17. 17. Effects of COVID-19 on firms • Large shares of firms reduced activities; many firms could not pay debts, salaries or taxes • A handful of firms reported no effect or increased sales How did COVID-19 affect your activities? Response Percent of firms No contracts signed or orders received from clients 42 Inability to pay debts to suppliers and banks 38 Inability to pay salaries 38 Less than 50% decrease in activities 36 More than 50% decrease in activities 34 Inability to pay taxes and fees 34 Cessation of activities 20 Increase in unsold stocks 19 Impossibility of importing raw materials 17 Inability to meet demand due to reduced activities 16 Suspension of work contracts 16 No impact on our activities 6 Increase in sales 2 Note: Percentages sum to over 100 due to multiple responses 17
  18. 18. Firms’ responses to COVID-19 • Over one third of firms instituted telework • Many firms suspended investments, reduced production, and / or laid off staff Note: Percentages sum to over 100 due to multiple responses What measures have you taken during the COVID-19 crisis? Response Percent of firms Adoption of telework by some staff 37 Suspension of investments 36 Layoff / suspension of contracts for a portion of staff 33 Reduction in production 31 Cancellation of orders from suppliers 19 Reduction in imports 19 Cancellation of orders received from clients 17 Termination / renegotiation of leases 16 Sale of assets to meet commitments 9 Shifting to other activities 8 Increase in imports of finished products 4 Increase in imports of raw materials 3 18
  19. 19. Effects on employment • Less than half of all firms retained all employees • Hospitality and tourism firms were the least likely to retain all personnel and the most likely to close 0% 20% 40% 60% 80% 100% Hospitality and tourism Energy General trade / transport Manufacturing IT, digital, telecommunications Misc. services Agriculture, agro-processing Banks, financial services Health, medical, pharmacy Construction Mining Overall Did you retain your personnel during the COVID-19 period? Yes, all Yes, more than 50% Yes, half Yes, less than 50% No, firm closed 19
  20. 20. Effects on financial standing 0% 10% 20% 30% 40% 50% 60% 70% 80% 90% 100% Hospitality and tourism General trade / transport Manufacturing Energy IT, digital, telecommunications Health, medical, pharmacy Banks, financial services Misc. services Agriculture, agro-processing Mining Construction Overall What are your estimated losses due to COVID-19? Less than 10% of annual revenues received in 2019 Between 10% and 50% of annual revenues received in 2019 Between 50% and 75% of annual revenues received in 2019 More than 75% of annual revenues received in 2019 20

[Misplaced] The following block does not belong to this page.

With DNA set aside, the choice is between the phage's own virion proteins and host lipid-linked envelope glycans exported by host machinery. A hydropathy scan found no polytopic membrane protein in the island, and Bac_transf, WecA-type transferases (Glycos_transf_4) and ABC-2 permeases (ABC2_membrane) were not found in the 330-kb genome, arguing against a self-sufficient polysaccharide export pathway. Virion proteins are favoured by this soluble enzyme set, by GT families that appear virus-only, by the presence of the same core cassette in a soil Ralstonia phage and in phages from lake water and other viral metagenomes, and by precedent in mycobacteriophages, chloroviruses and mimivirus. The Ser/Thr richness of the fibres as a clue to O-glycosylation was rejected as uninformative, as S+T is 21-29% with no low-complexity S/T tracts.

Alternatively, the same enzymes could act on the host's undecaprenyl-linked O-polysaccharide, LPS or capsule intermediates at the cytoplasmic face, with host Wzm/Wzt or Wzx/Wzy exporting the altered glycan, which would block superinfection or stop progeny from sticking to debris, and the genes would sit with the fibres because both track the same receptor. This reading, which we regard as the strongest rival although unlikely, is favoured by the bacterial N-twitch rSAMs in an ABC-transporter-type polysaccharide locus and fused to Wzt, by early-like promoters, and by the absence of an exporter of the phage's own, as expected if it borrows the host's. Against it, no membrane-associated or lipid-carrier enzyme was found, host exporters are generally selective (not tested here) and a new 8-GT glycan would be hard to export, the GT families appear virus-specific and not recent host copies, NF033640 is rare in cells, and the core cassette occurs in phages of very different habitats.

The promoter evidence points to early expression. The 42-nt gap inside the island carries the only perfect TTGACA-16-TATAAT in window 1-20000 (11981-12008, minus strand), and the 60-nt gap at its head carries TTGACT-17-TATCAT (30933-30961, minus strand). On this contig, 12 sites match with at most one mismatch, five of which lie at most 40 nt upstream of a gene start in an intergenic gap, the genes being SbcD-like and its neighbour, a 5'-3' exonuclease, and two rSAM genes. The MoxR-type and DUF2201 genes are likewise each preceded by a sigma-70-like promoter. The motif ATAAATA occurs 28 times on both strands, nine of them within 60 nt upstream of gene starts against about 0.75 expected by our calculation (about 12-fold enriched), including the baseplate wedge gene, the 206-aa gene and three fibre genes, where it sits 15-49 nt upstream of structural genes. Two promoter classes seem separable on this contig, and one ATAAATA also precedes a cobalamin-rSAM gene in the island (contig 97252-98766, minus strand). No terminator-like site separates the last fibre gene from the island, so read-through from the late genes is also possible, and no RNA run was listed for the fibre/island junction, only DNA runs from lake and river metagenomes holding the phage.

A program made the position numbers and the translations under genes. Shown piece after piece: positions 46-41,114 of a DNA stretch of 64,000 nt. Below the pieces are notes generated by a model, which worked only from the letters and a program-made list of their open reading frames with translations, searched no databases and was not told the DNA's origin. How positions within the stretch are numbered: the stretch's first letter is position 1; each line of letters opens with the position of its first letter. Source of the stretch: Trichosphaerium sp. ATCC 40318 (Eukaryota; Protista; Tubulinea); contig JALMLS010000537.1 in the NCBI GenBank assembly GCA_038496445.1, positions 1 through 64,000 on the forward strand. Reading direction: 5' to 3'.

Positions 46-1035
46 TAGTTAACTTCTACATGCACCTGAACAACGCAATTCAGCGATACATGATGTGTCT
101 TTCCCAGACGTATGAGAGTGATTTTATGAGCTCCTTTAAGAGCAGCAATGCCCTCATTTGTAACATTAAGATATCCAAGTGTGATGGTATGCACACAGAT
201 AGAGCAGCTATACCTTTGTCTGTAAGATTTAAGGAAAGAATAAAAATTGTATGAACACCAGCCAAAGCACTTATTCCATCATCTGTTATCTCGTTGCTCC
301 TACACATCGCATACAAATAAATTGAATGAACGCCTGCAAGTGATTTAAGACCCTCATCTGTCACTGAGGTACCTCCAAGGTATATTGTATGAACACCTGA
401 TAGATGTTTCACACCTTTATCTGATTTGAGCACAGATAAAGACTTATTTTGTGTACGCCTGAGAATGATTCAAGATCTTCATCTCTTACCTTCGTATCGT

21. 21. Effects by firm size • Firms of all sizes suffered losses, but the largest firms were more able to retain employees and avoid large financial losses 0% 20% 40% 60% 80% 100% More than 250 employees 100 to 250 employees 50 to 100 employees 10 to 50 employees Less than 10 employees Did you retain your personnel during the COVID- 19 period? Yes, all Yes, more than 50% Yes, half Yes, less than 50% No, firm closed 0% 20% 40% 60% 80% 100% More than 250 100 to 250 employees 50 to 100 employees 10 to 50 employees Less than 10 employees What are your estimated losses due to COVID-19? Less than 10% of annual revenues received in 2019 Between 10% and 50% of annual revenues received in 2019 Between 50% and 75% of annual revenues received in 2019 More than 75% of annual revenues received in 2019 21
  22. 22. Desired support from governments • Three-fourths of firms would like to see tax reductions in response to COVID-19 What measures would you like the government to take to restart your activities? Response Percent of firms Reduce taxes 75 Create a support fund for businesses affected by COVID-19 61 Subsidize businesses affected by COVID-19 55 Facilitate access to bank credit 43 Note: Percentages sum to over 100 due to multiple responses 22
  23. 23. Future directions for vulnerability analysis 1) Explore other data sources and indicators 2) Construct indicators on micronutrient deficiencies 3) Examine changes in micronutrient consumption resulting from COVID-related food price changes 23
  24. 24. Conclusion • Responses to COVID-19 need to prioritize most severely affected areas • In the absence of data on actual impacts, important to assess likely hotspots early • Areas with high levels of chronic vulnerability may be hardest hit by COVID-19 and its effects on food security • Employees of small firms and firms in exposed sectors are particularly vulnerable 24
  25. 25. THANK YOU AKADEMIYA2063 – Kicukiro / Niboye KK 360 St 8 I P.O. Box 4729 Kigali-Rwanda 25
  26. 26. Calories: Daily intake per adult equivalent (2012) 26
  27. 27. Iron: Daily intake per adult equivalent (2012) 27